We’ve lived so long under the spell of hierarchy—from god-kings to feudal lords to party bosses—that only recently have we awakened to see not only that “regular” citizens have the capacity for self-governance, but that without their engagement our huge global crises cannot be addressed. The changes needed for human society simply to survive, let alone thrive, are so profound that the only way we will move toward them is if we ourselves, regular citizens, feel meaningful ownership of solutions through direct engagement. Our problems are too big, interrelated, and pervasive to yield to directives from on high.
—Frances Moore Lappé, excerpt from Time for Progressives to Grow Up

Friday, August 3, 2012

Financial Predators v. Labor, Industry and Democracy

Click here to access article by Michael Hudson from his blog. 

This is a lengthy article which repeats and expands on concepts from many previous articles by this author. He writes mostly to other economists, but an ordinary person who has done some reading from alternative sources of information regarding money and finance can understand much of what he writes. The ruling One Percent poses formidable obstacles to understanding these issues.
When you find wrong-headed ideological economics promoted year after year as a litany, there always is a special interest at work. Today’s most powerful special interest is the financial sector. It is seeking to extract gains even at the cost of imposing austerity and ultimate bankruptcy on entire national economies. Pro-creditor lobbying has gained enough subsidy and power to strip the history of economic thought from the academic curriculum, to the point of suppressing memory of monetary debates going back two centuries.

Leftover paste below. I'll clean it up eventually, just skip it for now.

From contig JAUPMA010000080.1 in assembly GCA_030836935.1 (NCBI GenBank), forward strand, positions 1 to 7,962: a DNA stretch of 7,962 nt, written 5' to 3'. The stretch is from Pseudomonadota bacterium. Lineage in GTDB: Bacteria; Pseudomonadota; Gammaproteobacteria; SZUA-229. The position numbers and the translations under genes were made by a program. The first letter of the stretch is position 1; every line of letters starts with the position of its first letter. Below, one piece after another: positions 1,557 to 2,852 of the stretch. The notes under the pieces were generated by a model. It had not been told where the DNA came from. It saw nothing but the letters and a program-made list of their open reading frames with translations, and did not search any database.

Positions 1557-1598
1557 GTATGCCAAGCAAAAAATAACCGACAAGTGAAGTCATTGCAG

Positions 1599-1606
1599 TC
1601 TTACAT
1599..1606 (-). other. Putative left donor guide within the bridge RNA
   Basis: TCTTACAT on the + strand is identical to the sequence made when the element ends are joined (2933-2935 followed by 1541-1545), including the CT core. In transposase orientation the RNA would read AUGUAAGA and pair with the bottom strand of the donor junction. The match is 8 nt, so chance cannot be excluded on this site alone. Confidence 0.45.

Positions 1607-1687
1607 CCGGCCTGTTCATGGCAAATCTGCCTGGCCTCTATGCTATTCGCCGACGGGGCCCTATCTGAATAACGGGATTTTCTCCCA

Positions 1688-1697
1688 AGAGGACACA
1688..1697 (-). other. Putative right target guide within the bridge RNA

Sources I have found useful to understand these issues are Confessions of an Economic Hit Man by John Perkins, The Web of Debt by Ellen Brown, The Lost Science of Money by Zarlenga, Money and Debt II (DVD) by Paul Grignon. But, there are many others.

Because we of the 99 Percent are fighting an uphill battle against powerful forces of capitalist propaganda and indoctrination, it is important that those of us who have the time understand these issues as best we can. It takes time and access to good information--two requirements that most ordinary people do not have. However, the 99 Percent have many educated people who are concerned about peace and social justice who do fulfill these two requirements and can act as trusted representatives who write about these issues in terms that ordinary people can understand. What is still needed are organized networks of alternative media in which to publish these views, media that people will turn to for understanding the critical financial issues of today. 

Where I part company with Hudson is where he seems to suggest that capitalism would be just fine if we returned to Keynesian economics or classical economics under industrial capitalism. The evolution of capitalism into predatory financial capitalism is a result of an inevitable process from exploitation of man and nature to where we are today: approaching ecological system destabilization and resource limits. Hence, another system is critically necessary as soon as possible for humans to survive in any imaginable decent condition.